Using a motorcycle battery charger will keep the battery fresh and charged. They’re great whether you’re not riding your bike over the winter or you’re leaving it in storage.
There’s nothing worse then getting to your motorcycle, popping in the key, hitting the ignition switch – and nothing happens. While this could be caused from a number of things, the most common issue is a dead battery.
You could use a motorcycle jump starter to get the battery going again. Unfortunately, this isn’t the ideal solution for when this happens and you’re still at home.
This is where battery chargers come into play. Essentially, a battery charger is a charger designed to keep your battery powered when it’s not being used.
This practical motorcycle maintenance tool uses a microprocessor technology that helps your battery keep running when you’re not using your motorcycle. They’re inexpensive, easy to use, and great to have if you’re not riding regularly.
In this post let’s take a look at the basics of the battery charger. We’ll also getting to how to use a motorcycle battery charger to prolong the life of your motorcycle battery.
Motorcycle Battery Charger 101
It’s better to think of a battery charger as a maintenance charger, rather than a device used to fully charge a dead battery.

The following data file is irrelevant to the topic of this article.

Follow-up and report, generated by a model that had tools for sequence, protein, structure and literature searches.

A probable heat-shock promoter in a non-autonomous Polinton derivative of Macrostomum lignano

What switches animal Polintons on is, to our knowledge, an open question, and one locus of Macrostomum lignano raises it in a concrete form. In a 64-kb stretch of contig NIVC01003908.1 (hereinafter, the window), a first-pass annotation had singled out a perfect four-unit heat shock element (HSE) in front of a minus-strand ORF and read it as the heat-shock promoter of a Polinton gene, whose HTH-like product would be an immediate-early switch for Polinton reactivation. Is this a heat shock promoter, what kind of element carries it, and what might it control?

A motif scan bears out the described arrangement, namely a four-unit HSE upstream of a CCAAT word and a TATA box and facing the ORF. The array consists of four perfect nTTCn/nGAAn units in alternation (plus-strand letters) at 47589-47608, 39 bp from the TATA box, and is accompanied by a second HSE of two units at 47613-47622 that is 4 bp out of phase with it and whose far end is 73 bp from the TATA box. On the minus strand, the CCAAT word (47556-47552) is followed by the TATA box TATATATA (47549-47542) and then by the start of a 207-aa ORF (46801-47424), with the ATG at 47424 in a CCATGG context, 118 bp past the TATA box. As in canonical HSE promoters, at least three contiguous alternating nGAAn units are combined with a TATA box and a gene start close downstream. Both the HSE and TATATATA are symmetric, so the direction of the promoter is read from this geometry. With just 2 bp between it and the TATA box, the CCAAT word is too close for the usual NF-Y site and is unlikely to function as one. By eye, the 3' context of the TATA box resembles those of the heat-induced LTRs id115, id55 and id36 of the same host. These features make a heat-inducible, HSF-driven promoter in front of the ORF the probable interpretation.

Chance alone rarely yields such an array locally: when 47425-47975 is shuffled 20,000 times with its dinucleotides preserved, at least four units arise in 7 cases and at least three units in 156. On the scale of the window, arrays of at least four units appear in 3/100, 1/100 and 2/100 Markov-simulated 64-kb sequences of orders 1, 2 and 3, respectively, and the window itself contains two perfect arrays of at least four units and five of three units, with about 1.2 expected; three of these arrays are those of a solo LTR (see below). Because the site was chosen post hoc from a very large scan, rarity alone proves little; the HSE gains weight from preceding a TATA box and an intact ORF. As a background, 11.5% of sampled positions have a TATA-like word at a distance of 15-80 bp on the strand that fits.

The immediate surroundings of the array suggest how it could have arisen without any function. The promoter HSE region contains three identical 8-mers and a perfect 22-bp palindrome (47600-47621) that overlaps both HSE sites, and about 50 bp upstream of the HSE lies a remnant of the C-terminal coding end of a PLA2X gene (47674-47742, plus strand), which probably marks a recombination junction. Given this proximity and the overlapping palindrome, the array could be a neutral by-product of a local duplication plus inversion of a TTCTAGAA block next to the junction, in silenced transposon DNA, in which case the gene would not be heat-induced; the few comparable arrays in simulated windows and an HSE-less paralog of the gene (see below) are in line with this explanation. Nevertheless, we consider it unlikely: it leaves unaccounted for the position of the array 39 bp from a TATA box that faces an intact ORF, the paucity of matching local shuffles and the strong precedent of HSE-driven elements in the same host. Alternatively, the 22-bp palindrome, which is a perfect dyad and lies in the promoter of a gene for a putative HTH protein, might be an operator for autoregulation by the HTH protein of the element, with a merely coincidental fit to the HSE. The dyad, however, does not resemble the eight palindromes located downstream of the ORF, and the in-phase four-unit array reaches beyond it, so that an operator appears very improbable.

Chargers are designed to provide a supply of continuous voltage to a battery terminal. This keeps batteries charged and prevents them from dying or losing charge when they’re not being used.
Most Chargers also come with an advanced processor inside that gives them a few other capabilities. This includes the ability to charge defective batteries and to prevent sparks when connecting the terminals. They also come with indications lights that give you an accurate reading of the battery current power levels.
The problem with chargers, specifically trickle chargers, is that they’re not as advanced. It’s possible to damage your battery by leaving it connected to a charger for too long. Simply put, the technology isn’t in place for dedicated chargers to be effective for maintaining your motorcycle battery.
How to Use a Battery Charger For Your Motorcycle
Using a battery charger is simple and will extend the lifespan of your motorcycle battery when it’s not being used.
Whether you’re mechanically inclined or not, it’s easy to connect the charger with your battery. Follow this step-by-step guide and you’ll get everything connected in no time:
- Start by removing the seat on your motorcycle so you can access the battery. For most bikes all that’s required are Allen keys and a screwdriver. Refer to your owner’s manual if you’re not sure how to remove the seat or where the battery is located.
- With the seat removed and the battery accessible disconnect the leads. Start by disconnecting the negative lead (typically red) followed by the positive lead. For this you’ll need a screwdriver or wrench set depending on your bike.
- Decide whether you’re leaving the battery in the bike or removing it. We recommend removing it and starting the battery along with the charger somewhere accessible.